Global Lay-Correspondent Report on South Africa



Jeff Spahr-Summers, US


12: Johannesburg to Cape Town


When I was 16 we moved to Cape Town. By this time, all my sisters were back in the United States. I was the only one left at home with Mom and Dad. My girlfriend (who was from Liverpool), a couple of ex-girlfriends (from Scotland and South Africa) and some other friends threw me a fantastic going away party. The party was incredibly surreal (they always are when you’re the one leaving), but I think it was particularly poignant at that time due to my age. Once again, I did not want to leave. We spent our last night in the Transvaal at the Carlton Hotel in downtown Johannesburg. The hotel was part of an underground complex of shops, restaurants and an ice rink. I had learned to ice skate as a child outdoors in Evergreen, outside of Denver in The Rocky Mountains, but had eventually become a huge fan of it in (of all places) Pretoria. There was one particular rink where I loved blasting along with “Paint It Black” by The Rolling Stones (the rhythm of the song was perfect for skating). But I never skated in this rink at The Carlton in Johannesburg, although I had been to many of the restaurants in the complex for lunch on days my friends and I hit town for billiards.

 The next morning we boarded The Blue Train en route to Cape Town. World famous for its appointments and service, The Blue Train was luxurious by any standards. It was reserved (by Apartheid law at the time) strictly for white people, in fact (to my distress); our maid Anna (who was Zulu and moving with us) was required to travel on a completely different train, along with our car. It was a blatantly shameful example of ridiculous racial prejudice. The only black people allowed on the train, were the servants that worked on it. I for one was ashamed. I had my own cabin on the train, complete with gold plated bathroom fixtures, intended I’m sure to impress me (as the occupant of the cabin), they didn’t. Had they allowed Anna to ride with us, I would have been suitably impressed. It is an interesting experience sleeping on a bunk on a moving train, the movement (from side to side) is almost disconcerting at first, but it quickly lulled me into a deep sleep.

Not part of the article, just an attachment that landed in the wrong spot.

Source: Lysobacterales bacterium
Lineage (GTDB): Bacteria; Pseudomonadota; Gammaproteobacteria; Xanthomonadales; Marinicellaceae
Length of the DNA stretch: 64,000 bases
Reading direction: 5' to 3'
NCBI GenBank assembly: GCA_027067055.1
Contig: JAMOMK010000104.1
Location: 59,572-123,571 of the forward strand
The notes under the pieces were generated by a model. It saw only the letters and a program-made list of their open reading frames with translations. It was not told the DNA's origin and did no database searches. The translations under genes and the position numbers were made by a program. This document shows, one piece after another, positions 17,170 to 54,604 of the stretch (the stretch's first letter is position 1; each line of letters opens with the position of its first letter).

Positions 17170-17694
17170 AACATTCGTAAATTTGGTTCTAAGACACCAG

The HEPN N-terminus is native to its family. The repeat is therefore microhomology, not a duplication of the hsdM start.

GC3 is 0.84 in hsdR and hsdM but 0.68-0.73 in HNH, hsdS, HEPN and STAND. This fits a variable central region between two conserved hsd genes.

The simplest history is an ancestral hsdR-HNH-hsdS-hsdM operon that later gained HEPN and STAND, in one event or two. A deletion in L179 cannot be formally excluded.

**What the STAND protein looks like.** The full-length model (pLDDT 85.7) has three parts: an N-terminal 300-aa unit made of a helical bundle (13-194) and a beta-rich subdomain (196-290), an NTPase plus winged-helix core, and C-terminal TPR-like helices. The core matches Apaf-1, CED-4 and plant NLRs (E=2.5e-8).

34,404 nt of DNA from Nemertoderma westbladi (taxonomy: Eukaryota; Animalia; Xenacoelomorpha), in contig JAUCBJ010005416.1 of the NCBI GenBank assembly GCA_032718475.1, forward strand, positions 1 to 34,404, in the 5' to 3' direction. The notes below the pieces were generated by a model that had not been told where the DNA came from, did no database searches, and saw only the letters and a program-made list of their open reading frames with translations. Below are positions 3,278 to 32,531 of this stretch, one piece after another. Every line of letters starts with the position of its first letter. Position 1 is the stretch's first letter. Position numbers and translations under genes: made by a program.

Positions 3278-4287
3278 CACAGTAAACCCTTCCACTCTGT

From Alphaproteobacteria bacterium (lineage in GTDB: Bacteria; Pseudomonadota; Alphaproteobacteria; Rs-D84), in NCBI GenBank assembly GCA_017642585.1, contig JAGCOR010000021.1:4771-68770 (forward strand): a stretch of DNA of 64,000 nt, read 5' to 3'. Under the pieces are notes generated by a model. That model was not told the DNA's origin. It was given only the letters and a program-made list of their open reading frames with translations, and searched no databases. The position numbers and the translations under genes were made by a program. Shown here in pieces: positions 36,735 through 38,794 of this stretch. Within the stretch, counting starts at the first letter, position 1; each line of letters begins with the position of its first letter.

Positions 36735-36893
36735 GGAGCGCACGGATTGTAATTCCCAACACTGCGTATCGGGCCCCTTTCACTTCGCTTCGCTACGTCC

I woke up early in the morning. I rolled over on my bunk and opened the curtains by my head to look out the window, there was a thick fog but I could see that we were flying through endless vineyards. The Cape Province, I knew instantly (I had learned to do my research). I stared out the window transfixed by the beauty of the lush countryside, not at all like the Transvaal, the Orange Free State or even Natal, I noted. We had been on a trip to Durban once, and Zululand, but The Cape was another thing altogether. I was getting excited (the traveler in me was wide eyed and awake again). We ate breakfast on the train in the dining car as we watched more vineyards roll past the windows. I was looking for Table Mountain (arguably the most famous sailor’s landmark on the entire planet), but we weren’t on a ship and a full view of the front of the mountain would have to wait. Later, once I saw Table Mountain for the first time with my own eyes, I fell in love.  





Read the Poetry of Jeff Spahr-Summers


Free Verse: Walls, The Punk and the Scottish Teaser, I Am a Savage and Do Not Understand, Beyond Words, sheba, sheba and bathsheba, bathsheba, robert, bonfire, Matisse’s dog, never grow old, As Sure as Onions,










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